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Sorry for the recent hiatus! Those darned computer problems!

Luckily, although today’s subject is based on a news story more than a week old, it will be incredibly timely for as long as the problem it describes is with us. Simply put, Reuters has reported – complete with devastating evidence – that China is corrupting the U.S. college admissions process. And the findings should prompt Americans and especially their leaders to start asking much more searching questions about the People’s Republic’s growing role in the nation’s economy and society than they’ve been posing so far.

As is no doubt known by anyone who’s sent a kid to college lately (or who keeps up with China-related developments), the population of students from the PRC on American college and university campuses has been surging for years. China’s nouveaux riches and Communist Party leaders (two classes with lots of overlap) increasingly want to give their kids the benefit of an American education. And since they’re able to pay full freight, American higher education has been only to happy to welcome them.

This practice has disturbing enough overtones – especially when you find it in taxpayer-supported public institutions. But assuming that the Chinese students involved meet a school’s academic standards, or come close, it’s not outright corrupt – at least no more so than the longstanding admission of children of wealthy actual or prospective American donors or influential alumni even when they’d otherwise be uncompelling candidates.

As the Reuters investigation shows, however, at least one Chinese “education company” has paid thousands of dollars in perks or cash to admissions officers at top U.S. universities “to help students apply to American schools.” The perks consisted of travel expenses for “workshops” held in China to advise students whose families are clients of Shanghai-based Dipont Education Management Group “on how to successfully apply to U.S. colleges.”

In theory, that can be excused. (Although one Boston University researcher quoted in the article claimed that such behavior, too, raises major ethical problems.) But not the payments – which consisted of “honoraria” for attendance that went right into the pockets of U.S. admissions officers, which amounted to $4,500 per head in the last two years, and typically in the form of hundred-dollar bills.

Moreover, the seven schools that have confirmed that their employees have been on the take from China aren’t only or even mostly smaller private institutions that, especially since the Great Recession, have been struggling financially. They’re Carleton College, Hamilton College, Lafayette College, Rensselaer Polytechnic Institute, Tulane University, the University of Vermont, and the University of Rochester.

In addition, the following schools declined to comment or did not respond at all about the travel expenses or the honoria when contacted by Reuters about the article’s allegations: Davidson College, Wesleyan University, Claremont McKenna College, Colorado College, Harvey Mudd College, Syracuse University, and Texas Christian University.

Nothing reported by Reuters about the Chinese practices should surprise any knowledgeable readers. After all, a perfect storm of skyrocketing national wealth, the Communist Party’s monopoly on political power, and the millennia-old absence of rule of law has produced in China a society that arguably is the most corrupt in contemporary history. Nor should it be news that the United States is full of individuals, organizations, and institutions that are happy to play along.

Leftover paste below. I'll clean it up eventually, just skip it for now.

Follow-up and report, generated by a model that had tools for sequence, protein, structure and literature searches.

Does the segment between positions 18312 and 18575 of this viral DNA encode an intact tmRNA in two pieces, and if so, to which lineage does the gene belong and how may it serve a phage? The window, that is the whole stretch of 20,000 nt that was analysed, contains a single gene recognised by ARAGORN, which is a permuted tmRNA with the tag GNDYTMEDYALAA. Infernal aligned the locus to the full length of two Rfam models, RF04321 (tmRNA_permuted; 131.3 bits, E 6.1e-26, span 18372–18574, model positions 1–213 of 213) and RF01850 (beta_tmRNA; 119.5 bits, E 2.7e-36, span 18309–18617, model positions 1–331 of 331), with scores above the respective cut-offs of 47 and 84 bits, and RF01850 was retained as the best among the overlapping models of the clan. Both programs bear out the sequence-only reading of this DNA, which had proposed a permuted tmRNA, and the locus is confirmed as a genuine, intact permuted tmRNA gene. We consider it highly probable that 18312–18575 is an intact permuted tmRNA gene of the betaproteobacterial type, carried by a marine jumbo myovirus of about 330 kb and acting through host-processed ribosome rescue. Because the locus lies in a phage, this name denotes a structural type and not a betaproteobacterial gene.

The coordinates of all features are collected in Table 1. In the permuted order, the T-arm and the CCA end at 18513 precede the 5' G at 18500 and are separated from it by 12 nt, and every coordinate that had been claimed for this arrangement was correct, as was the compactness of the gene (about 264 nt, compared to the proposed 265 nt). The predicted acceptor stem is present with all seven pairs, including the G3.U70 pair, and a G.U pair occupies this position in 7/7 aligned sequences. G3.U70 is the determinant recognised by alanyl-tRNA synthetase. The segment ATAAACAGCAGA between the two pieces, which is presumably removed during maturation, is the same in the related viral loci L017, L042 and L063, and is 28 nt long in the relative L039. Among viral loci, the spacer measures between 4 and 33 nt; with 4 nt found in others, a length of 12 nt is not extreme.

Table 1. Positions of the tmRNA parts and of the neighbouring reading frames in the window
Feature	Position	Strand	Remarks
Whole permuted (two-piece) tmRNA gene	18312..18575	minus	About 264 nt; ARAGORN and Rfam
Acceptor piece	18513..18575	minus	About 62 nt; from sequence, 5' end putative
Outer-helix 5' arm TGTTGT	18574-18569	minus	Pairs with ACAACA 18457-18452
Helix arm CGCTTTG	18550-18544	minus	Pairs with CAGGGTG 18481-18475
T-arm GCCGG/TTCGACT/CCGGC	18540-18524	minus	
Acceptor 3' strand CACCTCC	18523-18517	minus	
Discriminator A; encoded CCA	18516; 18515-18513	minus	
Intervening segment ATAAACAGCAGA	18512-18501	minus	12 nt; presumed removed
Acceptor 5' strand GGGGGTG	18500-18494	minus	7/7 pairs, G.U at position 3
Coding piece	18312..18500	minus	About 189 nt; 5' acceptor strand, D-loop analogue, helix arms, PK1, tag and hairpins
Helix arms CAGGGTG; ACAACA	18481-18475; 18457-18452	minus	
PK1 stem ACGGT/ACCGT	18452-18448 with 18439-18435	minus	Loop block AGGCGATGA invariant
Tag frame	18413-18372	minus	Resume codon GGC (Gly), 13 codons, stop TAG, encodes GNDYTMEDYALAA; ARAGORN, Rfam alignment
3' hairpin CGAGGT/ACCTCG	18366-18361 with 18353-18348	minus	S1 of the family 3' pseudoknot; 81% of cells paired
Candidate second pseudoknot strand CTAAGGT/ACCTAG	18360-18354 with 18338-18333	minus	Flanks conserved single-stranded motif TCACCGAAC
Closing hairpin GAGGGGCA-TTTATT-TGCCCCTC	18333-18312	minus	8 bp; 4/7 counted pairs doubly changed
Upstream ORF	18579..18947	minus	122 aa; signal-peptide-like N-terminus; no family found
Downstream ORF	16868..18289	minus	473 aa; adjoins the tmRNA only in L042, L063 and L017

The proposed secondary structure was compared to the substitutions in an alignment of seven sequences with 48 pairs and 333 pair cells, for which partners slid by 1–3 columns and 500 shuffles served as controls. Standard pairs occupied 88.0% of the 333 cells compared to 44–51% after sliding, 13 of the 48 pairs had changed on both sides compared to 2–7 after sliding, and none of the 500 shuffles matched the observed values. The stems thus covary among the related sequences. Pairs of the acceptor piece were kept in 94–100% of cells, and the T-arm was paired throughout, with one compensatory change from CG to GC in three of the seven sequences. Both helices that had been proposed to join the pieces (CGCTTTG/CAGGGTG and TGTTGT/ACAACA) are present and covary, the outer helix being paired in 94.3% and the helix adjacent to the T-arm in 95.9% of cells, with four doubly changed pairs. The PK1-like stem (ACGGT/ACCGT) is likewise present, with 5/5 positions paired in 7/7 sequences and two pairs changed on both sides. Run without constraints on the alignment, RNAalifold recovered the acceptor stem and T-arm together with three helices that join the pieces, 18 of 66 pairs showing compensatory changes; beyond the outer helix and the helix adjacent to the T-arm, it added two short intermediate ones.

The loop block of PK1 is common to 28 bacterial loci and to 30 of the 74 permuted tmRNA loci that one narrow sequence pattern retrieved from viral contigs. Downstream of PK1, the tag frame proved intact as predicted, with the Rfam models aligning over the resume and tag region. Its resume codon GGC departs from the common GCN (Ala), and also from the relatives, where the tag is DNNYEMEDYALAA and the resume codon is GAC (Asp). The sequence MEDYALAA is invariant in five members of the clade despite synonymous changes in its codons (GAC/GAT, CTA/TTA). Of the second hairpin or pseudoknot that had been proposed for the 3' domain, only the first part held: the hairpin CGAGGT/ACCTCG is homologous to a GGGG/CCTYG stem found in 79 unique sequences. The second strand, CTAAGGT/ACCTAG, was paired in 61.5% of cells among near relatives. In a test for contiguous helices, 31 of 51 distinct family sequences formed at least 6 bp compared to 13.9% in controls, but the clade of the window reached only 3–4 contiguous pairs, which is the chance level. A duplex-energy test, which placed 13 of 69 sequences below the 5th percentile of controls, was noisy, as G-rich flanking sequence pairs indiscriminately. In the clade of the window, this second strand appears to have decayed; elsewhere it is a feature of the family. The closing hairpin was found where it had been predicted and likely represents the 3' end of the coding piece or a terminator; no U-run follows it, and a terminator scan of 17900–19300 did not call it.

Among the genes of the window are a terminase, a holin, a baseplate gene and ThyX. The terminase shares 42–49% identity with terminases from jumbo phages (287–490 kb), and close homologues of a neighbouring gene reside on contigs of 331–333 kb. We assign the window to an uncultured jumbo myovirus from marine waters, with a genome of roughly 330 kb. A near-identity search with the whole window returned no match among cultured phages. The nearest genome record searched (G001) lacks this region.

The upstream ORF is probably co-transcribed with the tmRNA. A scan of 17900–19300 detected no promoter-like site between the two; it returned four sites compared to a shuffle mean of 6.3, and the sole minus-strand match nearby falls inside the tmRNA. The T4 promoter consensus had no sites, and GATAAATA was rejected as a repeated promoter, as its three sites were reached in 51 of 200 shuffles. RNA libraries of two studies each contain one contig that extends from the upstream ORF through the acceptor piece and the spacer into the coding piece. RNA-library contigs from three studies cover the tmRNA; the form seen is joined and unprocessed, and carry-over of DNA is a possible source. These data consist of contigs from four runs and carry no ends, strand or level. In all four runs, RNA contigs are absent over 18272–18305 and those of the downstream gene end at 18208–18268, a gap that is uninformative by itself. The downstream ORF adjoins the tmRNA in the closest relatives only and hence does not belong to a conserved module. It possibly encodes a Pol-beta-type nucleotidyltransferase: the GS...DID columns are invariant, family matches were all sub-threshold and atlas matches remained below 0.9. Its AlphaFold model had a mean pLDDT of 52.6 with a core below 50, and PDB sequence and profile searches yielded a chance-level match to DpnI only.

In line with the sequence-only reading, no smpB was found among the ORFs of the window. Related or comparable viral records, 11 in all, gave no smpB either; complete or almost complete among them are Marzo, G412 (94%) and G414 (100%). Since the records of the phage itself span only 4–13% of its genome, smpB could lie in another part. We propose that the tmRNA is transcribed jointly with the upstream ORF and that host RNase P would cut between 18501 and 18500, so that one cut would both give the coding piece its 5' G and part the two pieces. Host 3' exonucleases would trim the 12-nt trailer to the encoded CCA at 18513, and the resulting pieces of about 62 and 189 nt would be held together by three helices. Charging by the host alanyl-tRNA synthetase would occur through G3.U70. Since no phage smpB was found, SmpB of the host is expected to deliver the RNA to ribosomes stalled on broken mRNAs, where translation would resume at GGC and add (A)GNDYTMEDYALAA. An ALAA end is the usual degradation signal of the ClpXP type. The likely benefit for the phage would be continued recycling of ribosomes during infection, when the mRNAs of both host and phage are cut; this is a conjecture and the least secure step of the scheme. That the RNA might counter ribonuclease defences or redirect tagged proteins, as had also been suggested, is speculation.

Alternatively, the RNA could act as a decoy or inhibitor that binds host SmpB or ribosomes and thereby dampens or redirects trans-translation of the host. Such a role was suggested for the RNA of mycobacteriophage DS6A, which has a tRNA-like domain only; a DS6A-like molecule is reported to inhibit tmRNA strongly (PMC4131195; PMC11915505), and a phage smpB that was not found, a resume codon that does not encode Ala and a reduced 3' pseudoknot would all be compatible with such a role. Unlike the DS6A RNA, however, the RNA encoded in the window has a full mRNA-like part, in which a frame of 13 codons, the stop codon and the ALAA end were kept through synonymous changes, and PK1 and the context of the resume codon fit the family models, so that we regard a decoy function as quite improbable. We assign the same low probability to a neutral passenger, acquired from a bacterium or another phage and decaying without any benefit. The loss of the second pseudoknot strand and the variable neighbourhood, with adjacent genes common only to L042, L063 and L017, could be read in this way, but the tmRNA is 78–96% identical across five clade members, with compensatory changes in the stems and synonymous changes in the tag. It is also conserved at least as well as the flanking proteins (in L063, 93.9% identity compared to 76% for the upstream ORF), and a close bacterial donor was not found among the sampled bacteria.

Here’s what Americans should be asking, though: Given the undeniable reality of systemic Chinese corruption, why are any Chinese organizations permitted any contact with the admissions offices of any American institutions of higher learning? Indeed, given Chinese corruption and the importance of fund-raising in U.S. higher education, why are any Chinese organizations permitted any contact with any American colleges or universities that may have an impact on admissions.

And, as suggested, the main reason for barring the Chinese has nothing to do with the supposed purity of American morals. Instead, it’s a matter of recognizing how extensively home-grown pollution has already stained this supposedly meritocratic system, and wondering why a well-known foreign source of corruption needs to be invited in.

In fact, the same question should be raised about China’s growing economic footprint in the United States (on top of crucial national security and economic concerns). For any Chinese actor large enough to consider buying into America has surely succeeded at least in part due to its mastery of the country’s kleptocratic politics. Does business in the United States really need immense new injections of graft and cronyism from abroad?

Openness to foreign individuals, organizations, capital, goods, technology, cultures, and other influences unquestionably has been a tremendous boon to the United States throughout its history (and a decisive one when it comes to immigration). But not all foreign countries are created equal, and the example of China strongly suggests that some systems are at best incompatible with and at worst dangerous to America’s well being. China’s undermining of U.S. higher education’s integrity signals loud and clear that the actual downside of permitting Chinese participation is already outweighing any conceivable benefits – and that more wide-ranging official U.S. discrimination is needed in order to choke off similar Chinese threats in other spheres of American life.